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Ontario Grain Farmer Magazine is the flagship publication of Grain Farmers of Ontario and a source of information for our province’s grain farmers. 

Plant Breeders’ Rights


IMPORTANT AMENDMENTS TO Canada’s Plant Breeders’ Rights (PBR) Act have been passed into law. These changes bring Canada in line with other countries who have signed on to the 1991 Act of the Union for the Protection of New Plant Varieties (UPOV91) and unlock doors for the development of new and improved seed varieties within Canada and internationally.


Farmers will benefit from a wider seed selection, which means a boost in global competitiveness, says Crosby Devitt, vice-president of strategic development for Grain Farmers of Ontario. “For example, only four per cent of global wheat is presently grown in Canada, so there are a lot of genetics that could work or be tested here.”

For many years before the amendments were passed, companies already located in Canada were reluctant to invest in breeding new varieties of many crops such as cereals because of intellectual property concerns, explains Patty Townsend, CEO of the Canadian Seed Trade Association (CTSA).

In addition, international breeders were unwilling to send their superior varieties to Canada, even though they saw market potential. Now, all that has changed — but how soon can farmers realistically expect to see access to more varieties with a wider range of characteristics?

“We are looking to the Plant Breeders’ Rights Journal (PRBJ) that came out at the end of April for the first varieties protected under the new legislation,” Townsend says. The selections in the PBRJ include various cereal, oilseed, and potato varieties developed in Canada and other countries.

“We are hopeful that there will be some important new varieties available at that point for Canadian farmers, most likely internationally- developed varieties. It will take a little longer for us to see the impact of the changes on varieties developed in Canada. We are all pretty familiar with the length of time it takes to bring a new variety to market,” Townsend adds.

Why did it take until 2015 for Canada to ratify UPOV91? The Government of Canada did introduce Bill C-80 in 1999, which contained appropriate amendments to the Plant Breeders’ Rights Act, but parliament was prorogued before the bill was passed.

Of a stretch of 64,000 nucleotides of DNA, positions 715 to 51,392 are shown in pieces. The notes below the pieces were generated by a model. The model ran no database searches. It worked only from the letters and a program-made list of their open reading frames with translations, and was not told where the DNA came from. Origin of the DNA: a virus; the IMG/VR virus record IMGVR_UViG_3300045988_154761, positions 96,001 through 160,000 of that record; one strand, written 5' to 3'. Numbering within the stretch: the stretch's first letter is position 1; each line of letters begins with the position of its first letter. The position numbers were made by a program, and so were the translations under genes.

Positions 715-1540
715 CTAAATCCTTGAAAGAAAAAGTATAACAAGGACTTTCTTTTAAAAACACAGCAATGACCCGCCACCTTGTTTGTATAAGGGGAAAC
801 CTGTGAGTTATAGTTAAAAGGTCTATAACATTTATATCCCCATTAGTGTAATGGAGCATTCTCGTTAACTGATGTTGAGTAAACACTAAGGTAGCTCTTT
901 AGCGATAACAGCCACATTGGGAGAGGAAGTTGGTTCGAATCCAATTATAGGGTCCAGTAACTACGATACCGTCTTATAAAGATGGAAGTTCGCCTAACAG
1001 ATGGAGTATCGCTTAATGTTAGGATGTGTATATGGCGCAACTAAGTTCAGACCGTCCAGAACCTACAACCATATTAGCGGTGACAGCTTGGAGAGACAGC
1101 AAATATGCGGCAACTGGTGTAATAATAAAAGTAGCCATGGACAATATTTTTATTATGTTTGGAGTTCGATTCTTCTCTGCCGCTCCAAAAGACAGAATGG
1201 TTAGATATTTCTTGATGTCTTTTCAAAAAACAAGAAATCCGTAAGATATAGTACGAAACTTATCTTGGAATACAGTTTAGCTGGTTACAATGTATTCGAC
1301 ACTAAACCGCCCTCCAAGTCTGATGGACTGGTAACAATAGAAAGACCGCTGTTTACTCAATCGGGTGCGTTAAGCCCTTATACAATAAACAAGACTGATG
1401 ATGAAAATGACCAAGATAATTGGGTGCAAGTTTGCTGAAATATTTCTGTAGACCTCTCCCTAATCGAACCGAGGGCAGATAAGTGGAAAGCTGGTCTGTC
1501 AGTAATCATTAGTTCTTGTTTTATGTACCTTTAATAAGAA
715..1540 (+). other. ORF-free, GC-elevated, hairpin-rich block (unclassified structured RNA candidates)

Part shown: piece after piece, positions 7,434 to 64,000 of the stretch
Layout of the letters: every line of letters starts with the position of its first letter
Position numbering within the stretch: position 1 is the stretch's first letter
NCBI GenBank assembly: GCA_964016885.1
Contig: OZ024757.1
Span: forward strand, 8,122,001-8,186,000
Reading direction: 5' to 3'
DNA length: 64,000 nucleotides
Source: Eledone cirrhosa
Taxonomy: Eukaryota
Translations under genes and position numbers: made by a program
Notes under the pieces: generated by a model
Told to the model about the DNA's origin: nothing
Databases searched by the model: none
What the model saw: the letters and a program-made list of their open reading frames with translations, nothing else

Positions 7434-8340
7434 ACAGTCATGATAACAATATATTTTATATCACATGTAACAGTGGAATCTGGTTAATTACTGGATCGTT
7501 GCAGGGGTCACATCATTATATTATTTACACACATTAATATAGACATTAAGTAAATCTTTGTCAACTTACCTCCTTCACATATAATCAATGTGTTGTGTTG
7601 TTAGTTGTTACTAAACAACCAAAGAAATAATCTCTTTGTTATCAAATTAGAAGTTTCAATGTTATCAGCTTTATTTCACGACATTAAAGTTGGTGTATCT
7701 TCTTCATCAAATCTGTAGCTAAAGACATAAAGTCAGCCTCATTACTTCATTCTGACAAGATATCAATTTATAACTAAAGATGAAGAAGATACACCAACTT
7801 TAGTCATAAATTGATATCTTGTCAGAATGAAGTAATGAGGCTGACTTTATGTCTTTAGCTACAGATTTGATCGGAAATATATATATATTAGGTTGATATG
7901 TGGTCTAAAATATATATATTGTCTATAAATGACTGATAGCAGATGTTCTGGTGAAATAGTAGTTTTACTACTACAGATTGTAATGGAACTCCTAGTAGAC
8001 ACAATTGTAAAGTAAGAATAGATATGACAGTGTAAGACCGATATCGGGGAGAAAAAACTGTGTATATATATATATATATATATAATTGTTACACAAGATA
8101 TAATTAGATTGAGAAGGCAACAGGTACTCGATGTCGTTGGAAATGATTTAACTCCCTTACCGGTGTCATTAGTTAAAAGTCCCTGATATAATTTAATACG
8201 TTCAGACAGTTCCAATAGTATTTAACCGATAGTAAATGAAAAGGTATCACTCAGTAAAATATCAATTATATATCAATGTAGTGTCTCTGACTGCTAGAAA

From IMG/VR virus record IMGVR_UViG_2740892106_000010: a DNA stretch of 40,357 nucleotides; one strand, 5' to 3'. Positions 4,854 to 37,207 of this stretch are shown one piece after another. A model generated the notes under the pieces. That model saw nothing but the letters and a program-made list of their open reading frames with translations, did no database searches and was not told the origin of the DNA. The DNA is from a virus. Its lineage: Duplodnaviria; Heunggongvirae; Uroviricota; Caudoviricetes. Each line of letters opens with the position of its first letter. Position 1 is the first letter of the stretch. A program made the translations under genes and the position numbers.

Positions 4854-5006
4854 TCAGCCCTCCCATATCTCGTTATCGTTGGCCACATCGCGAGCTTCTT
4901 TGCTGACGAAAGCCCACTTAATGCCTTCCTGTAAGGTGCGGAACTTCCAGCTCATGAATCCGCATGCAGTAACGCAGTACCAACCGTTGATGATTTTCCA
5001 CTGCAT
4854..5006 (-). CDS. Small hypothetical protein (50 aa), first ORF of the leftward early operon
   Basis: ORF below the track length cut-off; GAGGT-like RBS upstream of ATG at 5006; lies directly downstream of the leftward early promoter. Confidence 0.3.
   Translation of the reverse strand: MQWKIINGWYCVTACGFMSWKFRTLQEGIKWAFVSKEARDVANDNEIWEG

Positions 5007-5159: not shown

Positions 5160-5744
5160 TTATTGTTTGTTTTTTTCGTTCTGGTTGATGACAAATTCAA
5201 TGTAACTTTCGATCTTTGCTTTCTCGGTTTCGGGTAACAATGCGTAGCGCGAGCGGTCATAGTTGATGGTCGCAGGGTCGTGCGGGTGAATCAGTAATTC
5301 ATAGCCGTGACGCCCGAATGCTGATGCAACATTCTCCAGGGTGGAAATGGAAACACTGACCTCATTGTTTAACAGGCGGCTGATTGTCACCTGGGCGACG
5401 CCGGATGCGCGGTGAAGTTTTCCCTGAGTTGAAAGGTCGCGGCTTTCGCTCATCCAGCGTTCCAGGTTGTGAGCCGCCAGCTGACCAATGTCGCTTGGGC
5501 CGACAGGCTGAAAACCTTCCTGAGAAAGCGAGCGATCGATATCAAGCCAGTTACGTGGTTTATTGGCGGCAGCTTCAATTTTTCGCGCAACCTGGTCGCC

“It seemed that there wasn’t the political will to try again until a number of things happened,” says Townsend.

These changes included the restructuring of government plant breeding and research objectives, with a greater emphasis on private sector breeding and variety development, particularly in cereals. Large breeding companies made it clear that they had no plans to invest in cereal breeding in Canada as it would not likely generate a return  on investment.

Canada’s outdated plant variety protection laws became the subject of discussion during some bilateral and regional trade negotiations. The European Seed Association made it clear that European breeders would not send varieties to Canada because its laws were outdated. Some breeding companies made it known that they were unable to get access to improved varieties for Canada, and the specific reason was outdated plant variety protection.

CSTA is undertaking an outreach and education campaign to make sure everyone understands the new landscape. “All varieties granted PBR protection after February 27, 2015, are protected under the new legislation, called PBR 91,” Townsend explains. “All varieties protected before February 27 will continue to be protected under the old legislation (PBR 78). So, for some time, farmers are going to be able to choose varieties that carry different protection. Since there are some substantial differences between PBR 78 and PBR 91, there is potential for confusion.”

She says, for example, that while the amendments entrench farmers’ privileges to clean, store, and use grain of PBR-protected varieties grown on their own farms for seed, they do not supersede any other intellectual property tools like patents and contracts.

“If farmers signed contracts or other agreements that included an agreement to not save seed, then they still cannot save seed, even if the variety is also protected by PBR,” Townsend says.

In addition, the amendments mean that additional stakeholders along the value chain now have obligations. “We want to make sure that farmers understand the changes, and that others like seed conditioners and grain buyers also understand their obligations and can prepare,” Townsend explains.

The CSTA has developed a website as well as fact sheets with side-by-side comparisons of the two different types of protection. In addition, presentations are being created that can be used by CSTA value chain partners.

Townsend adds, “Canadian farmers have demonstrated time and time again that given the right tools they can be world leaders. Canada is the world’s largest producer and exporter of flax seed, canola, pulses, and durum wheat. The updated PBR legislation gives farmers access to a very important tool: new, more productive varieties to increase competitiveness. It’s an exciting time to be in Canadian agriculture.” •


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